Well, if you’ve seen cloudy water in your aquarium, you’ve probably panicked. My first advice that I have to give to you is, don’t panic. It happens to everybody and we can fix it with no casualties if we act fast enough.
In this post we’re going to be talking about cloudy water in an established tank.
Why is my fish tank cloudy?
So there are two reasons that I will be looking at today that will provoke cloudy water in the aquarium. The first is bacteria bloom, and the second is an unclean substrate.
This is one of the most common reasons that you will witness cloudy water in your aquarium. Bacteria bloom will happen when the beneficial bacteria in your aquarium are proliferating like crazy. Usually, this will happen, because there’s been a spike of ammonia, and/or nitrite in your aquarium.
Why would you get an ammonia spike in your aquarium? it usually happens when there is too much ammonia brought on by too much fish waste or just regular waste or bio load in your aquarium. And there aren’t enough beneficial bacteria in your filter to eat it all up and transform it into non toxic nitrate.
This will usually happen in the first weeks of starting a new aquarium. You’re not supposed to add fish in right away because while there are no bacteria in your filter when you started off brand new, that is completely normal.
How to stop cloudy water in a fish tank?
Leave the aquarium the time to cycle. If you add fish too soon before your filter is ready to receive them, while you might have another ammonia spike as well. If you have fish in your aquarium and the ammonia spike can happen either if you are feeding way too much and there is just so much waste in your aquarium look at your substrate if there is food rotting on it, that is not good and the rot also is toxic for your fish.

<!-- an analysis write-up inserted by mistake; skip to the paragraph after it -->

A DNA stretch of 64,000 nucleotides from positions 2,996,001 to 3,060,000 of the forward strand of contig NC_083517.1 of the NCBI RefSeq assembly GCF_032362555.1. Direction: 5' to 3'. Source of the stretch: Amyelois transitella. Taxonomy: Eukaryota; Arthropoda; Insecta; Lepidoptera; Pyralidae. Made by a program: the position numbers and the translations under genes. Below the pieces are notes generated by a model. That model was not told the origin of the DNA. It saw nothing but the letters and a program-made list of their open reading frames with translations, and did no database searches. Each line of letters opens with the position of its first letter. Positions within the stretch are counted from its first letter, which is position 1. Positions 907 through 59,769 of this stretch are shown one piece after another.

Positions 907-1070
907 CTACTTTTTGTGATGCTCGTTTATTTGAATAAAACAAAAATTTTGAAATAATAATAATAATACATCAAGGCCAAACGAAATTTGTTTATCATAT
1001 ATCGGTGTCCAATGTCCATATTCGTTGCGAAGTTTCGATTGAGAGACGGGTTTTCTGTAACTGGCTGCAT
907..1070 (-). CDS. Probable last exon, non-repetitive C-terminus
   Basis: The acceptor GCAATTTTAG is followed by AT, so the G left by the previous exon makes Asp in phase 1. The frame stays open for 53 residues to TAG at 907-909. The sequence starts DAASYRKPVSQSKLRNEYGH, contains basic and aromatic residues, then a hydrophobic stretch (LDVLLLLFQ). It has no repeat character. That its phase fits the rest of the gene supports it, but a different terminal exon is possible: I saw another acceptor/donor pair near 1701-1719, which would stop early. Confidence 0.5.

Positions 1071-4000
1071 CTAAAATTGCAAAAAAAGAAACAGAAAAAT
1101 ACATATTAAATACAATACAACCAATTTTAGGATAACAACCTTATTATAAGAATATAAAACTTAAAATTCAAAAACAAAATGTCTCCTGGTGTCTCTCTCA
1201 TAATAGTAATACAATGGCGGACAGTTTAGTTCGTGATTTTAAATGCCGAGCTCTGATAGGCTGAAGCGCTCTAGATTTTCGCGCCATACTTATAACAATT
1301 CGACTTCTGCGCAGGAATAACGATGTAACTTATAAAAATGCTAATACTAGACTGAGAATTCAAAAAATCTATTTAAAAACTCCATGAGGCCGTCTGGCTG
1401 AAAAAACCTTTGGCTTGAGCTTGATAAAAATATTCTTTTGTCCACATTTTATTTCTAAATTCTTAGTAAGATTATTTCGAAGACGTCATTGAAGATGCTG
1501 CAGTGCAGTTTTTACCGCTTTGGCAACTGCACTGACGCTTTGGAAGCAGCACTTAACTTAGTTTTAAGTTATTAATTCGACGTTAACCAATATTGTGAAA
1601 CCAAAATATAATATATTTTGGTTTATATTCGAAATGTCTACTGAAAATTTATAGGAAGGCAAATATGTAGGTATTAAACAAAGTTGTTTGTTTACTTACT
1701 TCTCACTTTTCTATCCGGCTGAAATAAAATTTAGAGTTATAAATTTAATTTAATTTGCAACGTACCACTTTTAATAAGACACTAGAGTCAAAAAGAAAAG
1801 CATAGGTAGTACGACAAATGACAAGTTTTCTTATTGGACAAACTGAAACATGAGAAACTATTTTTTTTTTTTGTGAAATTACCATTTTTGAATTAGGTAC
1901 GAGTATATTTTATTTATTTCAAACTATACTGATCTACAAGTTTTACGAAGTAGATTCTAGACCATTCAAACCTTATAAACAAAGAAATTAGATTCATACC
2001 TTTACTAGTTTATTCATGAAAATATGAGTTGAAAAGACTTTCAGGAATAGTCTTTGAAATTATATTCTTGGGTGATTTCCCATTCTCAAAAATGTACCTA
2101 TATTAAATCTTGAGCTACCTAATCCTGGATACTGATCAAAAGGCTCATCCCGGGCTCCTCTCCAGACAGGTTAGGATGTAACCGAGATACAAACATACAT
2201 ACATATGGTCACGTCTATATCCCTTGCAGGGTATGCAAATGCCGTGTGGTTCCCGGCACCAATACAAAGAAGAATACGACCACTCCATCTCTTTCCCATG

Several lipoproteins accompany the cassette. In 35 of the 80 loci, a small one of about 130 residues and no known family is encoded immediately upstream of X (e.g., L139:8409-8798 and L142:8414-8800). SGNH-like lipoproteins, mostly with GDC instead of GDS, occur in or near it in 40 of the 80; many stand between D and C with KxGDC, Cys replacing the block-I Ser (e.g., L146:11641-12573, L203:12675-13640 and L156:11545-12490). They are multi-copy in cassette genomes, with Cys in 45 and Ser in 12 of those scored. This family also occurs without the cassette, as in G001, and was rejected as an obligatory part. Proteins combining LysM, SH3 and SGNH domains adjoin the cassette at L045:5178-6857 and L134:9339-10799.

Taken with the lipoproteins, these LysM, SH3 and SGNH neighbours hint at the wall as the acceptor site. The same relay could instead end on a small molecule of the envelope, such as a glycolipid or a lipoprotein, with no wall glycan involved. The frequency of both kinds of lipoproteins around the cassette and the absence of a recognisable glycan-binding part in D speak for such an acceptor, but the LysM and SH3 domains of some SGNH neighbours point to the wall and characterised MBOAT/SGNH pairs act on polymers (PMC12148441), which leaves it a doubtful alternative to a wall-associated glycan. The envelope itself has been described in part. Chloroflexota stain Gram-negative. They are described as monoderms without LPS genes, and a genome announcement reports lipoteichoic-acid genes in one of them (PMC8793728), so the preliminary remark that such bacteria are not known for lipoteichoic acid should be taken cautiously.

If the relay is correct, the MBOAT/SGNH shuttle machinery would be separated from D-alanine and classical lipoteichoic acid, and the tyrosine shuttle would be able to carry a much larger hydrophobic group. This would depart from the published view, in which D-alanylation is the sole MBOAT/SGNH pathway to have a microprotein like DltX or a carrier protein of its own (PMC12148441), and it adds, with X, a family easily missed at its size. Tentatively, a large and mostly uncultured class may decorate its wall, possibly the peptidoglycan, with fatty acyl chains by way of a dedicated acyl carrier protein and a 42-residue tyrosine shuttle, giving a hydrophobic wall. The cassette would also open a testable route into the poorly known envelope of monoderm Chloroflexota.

Another reason is if you added new water to your aquarium and it is chlorinated. Well, we add chlorine in the drinkable water to kill bacteria, so, when you add it to your aquarium and you don’t use standard chlorinators, it can kill the bacteria in your filter.
Cloudy aquarium water after filter change
It can also happen if you have cleaned your filter badly. Basically, if you cleaned it too much. You’re not supposed to clean your filter that much. If you don’t do anything while there is a bacteria bloom in your tank, it will stabilize over time. We don’t do anything if there are no fish in the tank just be patient, they’ll pass.
If ever you get cloudy water, and you have fish in your aquarium, well, now it’s time to stress out, because ammonia is toxic for fish. Ammonia will burn and the nitrite will make it hard for fish to assimilate oxygen. So they’re burning and suffocate, so we got to act fast.
Cloudy water aquarium remover
First of all, we have to protect our fish, because this is precious cargo. So, lucky for us there is a product on the market, it is called Seachem prime. This product will detoxify the ammonia, and nitrite in your aquarium. So this makes the environment bearable for the fish.
You should take about a week for things to get back to normal. So you have to use this every day for a whole week. Okay so now our fish are protected we can relax a little bit.
Now let’s talk about those bacteria. Use bacteria enhancers, these products usually either add bacteria to the tank or feed the bacteria. Whichever, this will accelerate the proliferation of the beneficial bacteria. The more bacteria you have eating the ammonia nitrate, the faster you will fix your problem.